Activating this hyperactive mode will cause your character to run faster, jump higher and be able to grip onto walls in order to allow you to climb up. While this obviously has its benefits, your life bar will empty a lot quicker while this mode is active, though certain areas of the levels will require you to use it in order to progress. This is easier said than done, when awkward enemy placement means that using your hyperactive mode will result in death nine out of ten times. This is partly due to how hard it is to control, with your character running so fast and so out of control, trying to keep track of where you are going to jump and land can be very difficult.

This hyperactive mode is harder to use when you progress further through the game and have tougher enemies to get past. You will start with other basic ninjas, whom you overcome in one of two ways, either by running through them from behind or jumping over them and avoiding confrontation completely, but as you get later into the game, you will come across old men who shoot energy balls at you, dogs that run at you head on and other harder to beat foes. They add a challenge on top the already hard levels, but the fact you can simply jump over and avoid them rather than fight them head on does make things easier.

Avoiding enemies is easier when they haven't seen you yetAvoiding enemies is easier when they haven't seen you yet

Bringing all these elements together in a platformer is done well with Super Hyperactive Ninja, and is completed by the overall look and feel of the game too. The developers have obviously gone for the nostalgic pull, and have done so well, by still having modern graphics combined with an 8-bit soundtrack and basic moves which allow anyone to jump in and play easily. These pick-up-and-play elements compliment the nostalgic feel perfectly.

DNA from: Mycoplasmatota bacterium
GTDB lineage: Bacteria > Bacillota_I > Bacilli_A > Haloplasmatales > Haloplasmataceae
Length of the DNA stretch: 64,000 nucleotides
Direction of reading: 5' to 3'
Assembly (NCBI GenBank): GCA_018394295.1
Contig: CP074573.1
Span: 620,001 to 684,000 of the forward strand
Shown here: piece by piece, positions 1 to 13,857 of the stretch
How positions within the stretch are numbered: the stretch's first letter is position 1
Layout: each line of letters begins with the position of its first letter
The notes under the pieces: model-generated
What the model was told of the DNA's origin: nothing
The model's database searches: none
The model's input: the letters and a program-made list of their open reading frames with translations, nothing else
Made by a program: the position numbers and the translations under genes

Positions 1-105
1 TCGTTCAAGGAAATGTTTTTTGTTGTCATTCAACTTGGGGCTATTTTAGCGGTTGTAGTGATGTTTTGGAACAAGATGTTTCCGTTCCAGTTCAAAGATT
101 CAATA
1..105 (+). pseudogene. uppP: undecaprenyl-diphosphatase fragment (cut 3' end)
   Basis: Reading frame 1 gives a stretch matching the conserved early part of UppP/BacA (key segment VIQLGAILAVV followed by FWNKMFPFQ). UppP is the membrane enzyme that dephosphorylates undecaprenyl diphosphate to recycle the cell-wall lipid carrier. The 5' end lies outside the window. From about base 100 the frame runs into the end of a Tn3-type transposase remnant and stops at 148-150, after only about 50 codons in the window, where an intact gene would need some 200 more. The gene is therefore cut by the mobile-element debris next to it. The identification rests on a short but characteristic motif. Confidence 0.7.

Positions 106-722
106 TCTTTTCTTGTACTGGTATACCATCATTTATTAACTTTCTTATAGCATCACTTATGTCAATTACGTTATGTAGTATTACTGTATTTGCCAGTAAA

In terms of the game's achievements, there's a list of 35 which will be somewhat of a challenge to complete. Some of the achievements are gimme, such as taking a step and doing your first jump. S ranking all of the levels will be one of the hardest tasks, as well as picking up 9000 coffees and a whole bunch of money. It's a good selection of achievements and will be quite hard for the everyday gamer to complete, but will feel like quite the feat should you manage it.


Super Hyperactive Ninja has a lot to offer fans of the platforming genre thanks to a well-balanced approach present in most levels and boss battles. Some levels get frustrating thanks to some poorly placed enemies and obstacles that make clearing them more difficult than they should be, and this issue is only exacerbated by the game's caffeine-infused hyperactive mode, which leaves your character almost entirely out of control. It's meant to be an added challenge, but it goes just a bit too far and becomes quite unwieldy. Other than those moments, however, it's a fun if not exceptional platformer that genre fans should appreciate.
3.5 / 5
Super Hyperactive Ninja
  • Easy to pick up and play
  • Ranking system offers a decent challenge
  • Character and item variety offer replayability
  • Nostalgic look, feel and sound to the game
  • Hyperactive mode is hard to control
  • Levels can get frustrating
The reviewer spent a number of hours rushing round collecting coffee, defeating bad guys, dogs and old men, unlocking 17 of the game's 35 achievements. A download code was provided by the publisher for the purpose of this review.
Megan Walton
Written by Megan Walton
Megan is a TA newshound and reviewer who has been writing for the site since early 2014. Currently working in catering, she enjoys cooking extravagant dishes, baking birthday cakes for friends and family in peculiar shapes, writing depressing poetry about life and death, and unlocking every achievement possible.